The Single Best Thing You Can Do in Your Personal Injury Claim

When you are involved in a personal injury claim, you put your past medical history into issue.  It is imperative that you provide accurate information about your past medical history to those healthcare professionals who evaluate and treat you post-accident. Your past medical history is a crucial piece of evidence that will be used to determine the extent of your injuries from an accident and the value of your claim.

Providing an inaccurate medical history can have several adverse effects on your claim. Be aware, that this is not an exhaustive list.

For one, if you provide misleading information or attempt to minimize your medical history, doctors may not be able to properly diagnose and treat you.

Additionally, inaccuracies in medical history can also call into question your credibility. If you provide what is believed to be false or misleading information, the opposing party may question the validity of your injuries and use this as a reason to deny the claim or offer a lower settlement.

Furthermore, inaccuracies in your past medical history can have serious consequences during a trial or examination for discovery. For example, during an examination for discovery, the opposing party's lawyer will ask you about your medical history and the injuries you sustained in the accident. The opposing lawyer will have access to your pre-accident medical records and will likely refer to complaints or medical conditions before the accident since it could be directly  relevant to your claims in the action. The opposing lawyer will seek to use any inconsistencies or inaccuracies in your answers to cast doubt on the validity of your claim. They may argue that if you are not being truthful about your medical history and injuries, then you cannot be trusted to accurately describe the details of the accident or the extent of their injuries.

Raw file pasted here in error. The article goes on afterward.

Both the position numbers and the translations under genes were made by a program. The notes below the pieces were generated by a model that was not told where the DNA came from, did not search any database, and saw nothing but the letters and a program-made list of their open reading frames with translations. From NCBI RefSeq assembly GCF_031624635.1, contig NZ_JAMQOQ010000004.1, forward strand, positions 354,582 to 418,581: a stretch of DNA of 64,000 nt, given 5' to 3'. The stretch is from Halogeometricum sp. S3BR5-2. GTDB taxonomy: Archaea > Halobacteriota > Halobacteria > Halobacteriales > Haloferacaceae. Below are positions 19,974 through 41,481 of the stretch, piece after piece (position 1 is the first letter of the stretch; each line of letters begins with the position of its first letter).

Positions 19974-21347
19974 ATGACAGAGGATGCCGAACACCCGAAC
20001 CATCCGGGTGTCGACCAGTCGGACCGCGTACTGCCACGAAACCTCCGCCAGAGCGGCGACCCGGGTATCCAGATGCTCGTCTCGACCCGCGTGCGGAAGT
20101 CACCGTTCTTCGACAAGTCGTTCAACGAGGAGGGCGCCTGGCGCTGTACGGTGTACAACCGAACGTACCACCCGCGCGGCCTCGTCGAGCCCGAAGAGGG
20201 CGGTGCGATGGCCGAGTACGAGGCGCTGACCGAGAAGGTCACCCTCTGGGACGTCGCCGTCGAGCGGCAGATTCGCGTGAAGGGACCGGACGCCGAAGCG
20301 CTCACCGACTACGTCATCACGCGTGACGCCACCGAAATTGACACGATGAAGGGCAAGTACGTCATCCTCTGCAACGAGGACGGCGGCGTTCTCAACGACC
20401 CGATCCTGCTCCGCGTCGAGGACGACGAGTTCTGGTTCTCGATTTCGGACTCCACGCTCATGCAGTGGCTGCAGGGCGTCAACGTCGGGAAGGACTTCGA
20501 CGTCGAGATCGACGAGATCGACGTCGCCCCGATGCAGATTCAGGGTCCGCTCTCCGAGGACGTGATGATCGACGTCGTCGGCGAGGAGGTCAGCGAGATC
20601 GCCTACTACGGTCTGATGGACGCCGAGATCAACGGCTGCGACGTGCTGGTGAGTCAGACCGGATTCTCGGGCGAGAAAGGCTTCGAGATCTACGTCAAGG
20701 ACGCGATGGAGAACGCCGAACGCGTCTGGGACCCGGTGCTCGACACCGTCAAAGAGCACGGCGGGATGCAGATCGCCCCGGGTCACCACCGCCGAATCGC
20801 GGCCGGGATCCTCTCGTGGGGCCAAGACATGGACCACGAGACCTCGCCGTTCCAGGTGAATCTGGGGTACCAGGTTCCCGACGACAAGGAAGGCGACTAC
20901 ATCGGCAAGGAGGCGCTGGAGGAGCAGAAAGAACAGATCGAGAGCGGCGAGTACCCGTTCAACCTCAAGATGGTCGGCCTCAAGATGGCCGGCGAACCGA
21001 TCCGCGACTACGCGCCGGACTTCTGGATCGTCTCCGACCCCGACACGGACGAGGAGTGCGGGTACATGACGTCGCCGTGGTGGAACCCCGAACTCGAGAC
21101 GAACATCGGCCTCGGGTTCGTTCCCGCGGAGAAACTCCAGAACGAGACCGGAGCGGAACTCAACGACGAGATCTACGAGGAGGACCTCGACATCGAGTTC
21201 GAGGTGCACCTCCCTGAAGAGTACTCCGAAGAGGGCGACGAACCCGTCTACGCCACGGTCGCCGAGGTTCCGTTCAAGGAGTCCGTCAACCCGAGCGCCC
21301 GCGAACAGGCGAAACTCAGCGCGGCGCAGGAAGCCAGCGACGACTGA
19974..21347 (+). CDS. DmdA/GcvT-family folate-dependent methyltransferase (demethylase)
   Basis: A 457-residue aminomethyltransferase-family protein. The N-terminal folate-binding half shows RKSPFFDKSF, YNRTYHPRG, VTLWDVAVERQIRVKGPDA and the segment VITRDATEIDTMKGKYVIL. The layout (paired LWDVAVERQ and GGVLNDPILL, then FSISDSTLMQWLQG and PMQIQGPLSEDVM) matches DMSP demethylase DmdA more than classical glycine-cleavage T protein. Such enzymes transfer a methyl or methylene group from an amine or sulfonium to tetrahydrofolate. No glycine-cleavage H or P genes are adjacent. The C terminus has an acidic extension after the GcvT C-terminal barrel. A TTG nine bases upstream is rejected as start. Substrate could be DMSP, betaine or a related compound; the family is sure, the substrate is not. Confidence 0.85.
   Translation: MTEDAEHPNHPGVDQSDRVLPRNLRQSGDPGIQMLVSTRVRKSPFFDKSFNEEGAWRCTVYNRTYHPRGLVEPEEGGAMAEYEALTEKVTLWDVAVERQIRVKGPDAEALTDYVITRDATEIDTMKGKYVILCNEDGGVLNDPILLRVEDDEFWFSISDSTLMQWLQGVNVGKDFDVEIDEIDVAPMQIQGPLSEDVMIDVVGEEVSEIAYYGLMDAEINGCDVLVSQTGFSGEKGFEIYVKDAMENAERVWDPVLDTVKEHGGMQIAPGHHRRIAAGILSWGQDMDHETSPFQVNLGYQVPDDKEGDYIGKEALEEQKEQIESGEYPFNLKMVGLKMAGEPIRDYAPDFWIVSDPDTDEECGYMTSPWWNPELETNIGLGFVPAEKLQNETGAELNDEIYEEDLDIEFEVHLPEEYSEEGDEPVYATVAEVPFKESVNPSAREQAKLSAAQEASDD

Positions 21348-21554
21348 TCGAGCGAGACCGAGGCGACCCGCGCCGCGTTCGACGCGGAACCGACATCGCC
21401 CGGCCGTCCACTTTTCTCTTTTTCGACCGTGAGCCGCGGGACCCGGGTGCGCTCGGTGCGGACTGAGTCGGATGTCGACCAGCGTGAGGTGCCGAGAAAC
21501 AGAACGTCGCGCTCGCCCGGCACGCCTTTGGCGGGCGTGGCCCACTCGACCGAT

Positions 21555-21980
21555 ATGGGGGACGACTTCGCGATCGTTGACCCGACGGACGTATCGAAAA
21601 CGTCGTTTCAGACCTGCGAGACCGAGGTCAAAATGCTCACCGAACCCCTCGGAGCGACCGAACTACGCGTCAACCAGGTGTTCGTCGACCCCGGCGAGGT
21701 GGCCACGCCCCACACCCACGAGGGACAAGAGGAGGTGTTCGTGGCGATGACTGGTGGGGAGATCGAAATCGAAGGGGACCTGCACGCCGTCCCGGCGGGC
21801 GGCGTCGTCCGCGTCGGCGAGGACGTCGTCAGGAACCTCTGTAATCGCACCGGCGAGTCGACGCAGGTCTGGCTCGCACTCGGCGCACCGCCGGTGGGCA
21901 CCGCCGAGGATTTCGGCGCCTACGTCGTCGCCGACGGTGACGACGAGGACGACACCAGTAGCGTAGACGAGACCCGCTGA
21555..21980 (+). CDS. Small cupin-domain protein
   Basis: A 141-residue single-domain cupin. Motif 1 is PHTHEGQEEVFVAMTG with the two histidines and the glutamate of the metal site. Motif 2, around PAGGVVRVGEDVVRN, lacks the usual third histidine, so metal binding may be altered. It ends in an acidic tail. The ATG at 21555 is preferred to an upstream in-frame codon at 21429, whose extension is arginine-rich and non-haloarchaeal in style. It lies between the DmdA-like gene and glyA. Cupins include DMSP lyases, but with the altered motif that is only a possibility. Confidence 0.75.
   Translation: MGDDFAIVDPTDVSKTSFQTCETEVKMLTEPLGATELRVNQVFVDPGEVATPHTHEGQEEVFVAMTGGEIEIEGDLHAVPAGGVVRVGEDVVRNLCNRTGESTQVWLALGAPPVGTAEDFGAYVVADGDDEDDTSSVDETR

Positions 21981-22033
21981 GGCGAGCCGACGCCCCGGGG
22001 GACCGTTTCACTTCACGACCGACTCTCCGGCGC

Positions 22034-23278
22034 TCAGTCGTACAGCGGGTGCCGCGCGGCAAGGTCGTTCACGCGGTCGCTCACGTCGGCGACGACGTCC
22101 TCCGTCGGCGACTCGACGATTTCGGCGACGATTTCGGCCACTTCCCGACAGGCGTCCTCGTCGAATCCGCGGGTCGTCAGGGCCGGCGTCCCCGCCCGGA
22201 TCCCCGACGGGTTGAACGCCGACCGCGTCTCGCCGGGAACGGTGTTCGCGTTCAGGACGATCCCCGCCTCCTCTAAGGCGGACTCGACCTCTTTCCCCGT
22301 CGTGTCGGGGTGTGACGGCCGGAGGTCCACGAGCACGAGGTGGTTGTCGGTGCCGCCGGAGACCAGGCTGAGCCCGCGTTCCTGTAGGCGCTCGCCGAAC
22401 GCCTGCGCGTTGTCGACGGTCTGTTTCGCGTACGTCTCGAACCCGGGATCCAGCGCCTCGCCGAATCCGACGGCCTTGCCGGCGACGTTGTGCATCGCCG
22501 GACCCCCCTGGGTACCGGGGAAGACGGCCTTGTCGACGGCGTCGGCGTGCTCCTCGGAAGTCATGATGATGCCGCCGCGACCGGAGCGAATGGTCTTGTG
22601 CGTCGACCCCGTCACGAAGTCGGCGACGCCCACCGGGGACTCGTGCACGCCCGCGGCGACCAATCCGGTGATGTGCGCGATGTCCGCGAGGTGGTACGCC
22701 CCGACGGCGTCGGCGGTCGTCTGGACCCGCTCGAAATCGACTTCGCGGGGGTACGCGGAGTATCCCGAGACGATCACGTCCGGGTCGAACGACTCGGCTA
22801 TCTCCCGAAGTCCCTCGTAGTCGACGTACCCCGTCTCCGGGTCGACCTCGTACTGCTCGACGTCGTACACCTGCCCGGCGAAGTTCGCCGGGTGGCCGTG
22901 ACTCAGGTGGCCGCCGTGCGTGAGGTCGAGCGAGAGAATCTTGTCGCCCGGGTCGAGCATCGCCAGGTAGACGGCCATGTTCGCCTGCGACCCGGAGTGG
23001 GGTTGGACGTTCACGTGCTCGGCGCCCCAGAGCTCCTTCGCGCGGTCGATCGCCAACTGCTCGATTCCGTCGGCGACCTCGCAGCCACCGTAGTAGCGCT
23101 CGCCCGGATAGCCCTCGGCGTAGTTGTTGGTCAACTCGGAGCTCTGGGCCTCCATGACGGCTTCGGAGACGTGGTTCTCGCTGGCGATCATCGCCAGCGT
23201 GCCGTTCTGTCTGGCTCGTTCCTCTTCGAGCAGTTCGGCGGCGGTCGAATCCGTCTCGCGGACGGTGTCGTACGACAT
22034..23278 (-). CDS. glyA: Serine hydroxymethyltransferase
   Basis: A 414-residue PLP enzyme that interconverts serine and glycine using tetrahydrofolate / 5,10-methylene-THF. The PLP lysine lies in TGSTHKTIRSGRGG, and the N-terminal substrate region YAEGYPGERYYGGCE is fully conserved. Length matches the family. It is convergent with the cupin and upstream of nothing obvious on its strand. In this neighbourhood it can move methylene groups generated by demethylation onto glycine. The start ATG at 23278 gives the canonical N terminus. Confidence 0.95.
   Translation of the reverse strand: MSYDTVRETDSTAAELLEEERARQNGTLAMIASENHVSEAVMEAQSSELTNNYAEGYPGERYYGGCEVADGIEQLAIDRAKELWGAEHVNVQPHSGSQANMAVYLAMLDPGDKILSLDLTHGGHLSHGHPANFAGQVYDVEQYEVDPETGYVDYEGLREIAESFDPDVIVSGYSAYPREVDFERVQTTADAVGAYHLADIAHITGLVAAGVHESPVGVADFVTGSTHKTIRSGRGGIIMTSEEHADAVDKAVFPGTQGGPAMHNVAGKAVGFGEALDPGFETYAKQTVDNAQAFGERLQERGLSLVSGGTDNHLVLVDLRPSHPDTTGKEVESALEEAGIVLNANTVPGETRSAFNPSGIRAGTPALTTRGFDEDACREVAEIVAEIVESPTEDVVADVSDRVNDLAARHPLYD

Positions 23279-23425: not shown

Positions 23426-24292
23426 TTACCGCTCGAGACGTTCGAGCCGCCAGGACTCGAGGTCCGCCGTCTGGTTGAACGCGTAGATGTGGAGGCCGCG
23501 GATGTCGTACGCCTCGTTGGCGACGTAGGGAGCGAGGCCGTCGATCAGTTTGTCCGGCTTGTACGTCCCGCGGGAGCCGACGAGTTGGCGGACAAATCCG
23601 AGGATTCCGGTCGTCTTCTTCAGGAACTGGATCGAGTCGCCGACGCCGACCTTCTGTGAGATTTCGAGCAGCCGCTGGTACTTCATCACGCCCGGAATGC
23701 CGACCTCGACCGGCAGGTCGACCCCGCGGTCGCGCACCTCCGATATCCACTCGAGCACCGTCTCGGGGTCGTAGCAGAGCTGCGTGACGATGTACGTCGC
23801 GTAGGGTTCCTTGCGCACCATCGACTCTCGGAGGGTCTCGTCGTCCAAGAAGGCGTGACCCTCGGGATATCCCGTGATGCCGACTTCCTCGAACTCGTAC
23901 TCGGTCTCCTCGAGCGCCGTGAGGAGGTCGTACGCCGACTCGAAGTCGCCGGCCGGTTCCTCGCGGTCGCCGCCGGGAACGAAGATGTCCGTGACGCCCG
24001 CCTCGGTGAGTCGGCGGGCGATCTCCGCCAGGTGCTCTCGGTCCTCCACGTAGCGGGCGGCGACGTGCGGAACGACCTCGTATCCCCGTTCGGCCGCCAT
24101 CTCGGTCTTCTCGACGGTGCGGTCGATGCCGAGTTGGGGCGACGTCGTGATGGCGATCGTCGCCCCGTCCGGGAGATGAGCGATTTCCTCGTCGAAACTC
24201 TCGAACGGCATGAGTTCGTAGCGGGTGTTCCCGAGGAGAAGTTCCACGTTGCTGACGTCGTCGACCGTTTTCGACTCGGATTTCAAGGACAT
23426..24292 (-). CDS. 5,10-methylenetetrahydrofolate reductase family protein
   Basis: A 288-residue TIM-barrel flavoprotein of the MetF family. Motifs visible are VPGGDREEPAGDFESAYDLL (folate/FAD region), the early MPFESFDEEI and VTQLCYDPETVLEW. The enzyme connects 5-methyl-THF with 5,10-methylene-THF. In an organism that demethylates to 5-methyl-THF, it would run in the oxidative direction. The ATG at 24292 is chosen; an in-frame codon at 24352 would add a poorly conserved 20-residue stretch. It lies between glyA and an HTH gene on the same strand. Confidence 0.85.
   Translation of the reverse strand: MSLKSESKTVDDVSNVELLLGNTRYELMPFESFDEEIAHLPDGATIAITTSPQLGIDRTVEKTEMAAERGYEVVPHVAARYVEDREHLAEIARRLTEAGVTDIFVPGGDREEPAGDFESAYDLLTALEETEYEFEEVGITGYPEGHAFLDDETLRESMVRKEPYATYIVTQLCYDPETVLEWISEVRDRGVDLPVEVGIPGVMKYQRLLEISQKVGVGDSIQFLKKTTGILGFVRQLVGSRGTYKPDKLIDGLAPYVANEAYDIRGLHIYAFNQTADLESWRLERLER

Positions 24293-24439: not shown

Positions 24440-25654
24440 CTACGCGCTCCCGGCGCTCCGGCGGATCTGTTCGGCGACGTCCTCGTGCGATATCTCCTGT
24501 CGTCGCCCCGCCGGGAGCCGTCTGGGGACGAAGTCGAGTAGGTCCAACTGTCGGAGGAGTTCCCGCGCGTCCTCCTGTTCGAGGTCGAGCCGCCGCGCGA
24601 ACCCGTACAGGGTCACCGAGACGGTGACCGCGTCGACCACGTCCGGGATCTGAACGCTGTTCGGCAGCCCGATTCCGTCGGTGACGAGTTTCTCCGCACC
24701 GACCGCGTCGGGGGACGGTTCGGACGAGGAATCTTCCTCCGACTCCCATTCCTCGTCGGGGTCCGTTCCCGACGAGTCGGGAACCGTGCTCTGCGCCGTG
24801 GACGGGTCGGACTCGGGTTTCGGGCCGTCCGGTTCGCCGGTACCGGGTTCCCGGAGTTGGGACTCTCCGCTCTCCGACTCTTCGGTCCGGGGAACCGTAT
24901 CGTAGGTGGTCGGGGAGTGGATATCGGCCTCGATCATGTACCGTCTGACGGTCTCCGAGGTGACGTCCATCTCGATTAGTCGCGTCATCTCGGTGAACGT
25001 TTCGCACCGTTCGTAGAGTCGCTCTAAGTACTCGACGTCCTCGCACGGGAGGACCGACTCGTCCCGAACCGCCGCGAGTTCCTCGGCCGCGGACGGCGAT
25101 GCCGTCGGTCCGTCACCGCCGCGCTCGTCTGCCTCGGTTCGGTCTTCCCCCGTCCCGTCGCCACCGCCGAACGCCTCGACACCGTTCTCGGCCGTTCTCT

Similarly, during a trial, the opposing party's lawyer may use inaccuracies in your evidence about your medical history and injuries to argue that you are not credible and that your injuries may not be as severe as you claim. The goal will be to discredit you and your testimony, thereby calling into question validity of the claim.

I cannot stress enough the importance of accuracy in one’s past medical history. In my experience, there are a number of reasons why inaccurate pre-accident medical evidence is provided:

  1. The injured party believes that their pre-accident medical history is “private” and is not subject to production or consideration in a personal injury claim.
  2. The injured party is not aware that their pre-accident medical history is relevant, especially if their pre-accident medical condition could be directly relevant to the action.
  3. The injured party is not aware that their medical records will have to be produced and will be reviewed by an insurer or an opposing lawyer, who will compare what they say about their pre-accident history following an accident to the records of complaints made pre-accident.
  4. The injured party has not been provided with their pre-accident medical records before a preparation for an examination for discovery and is not prepared for questions related to inaccuracies.

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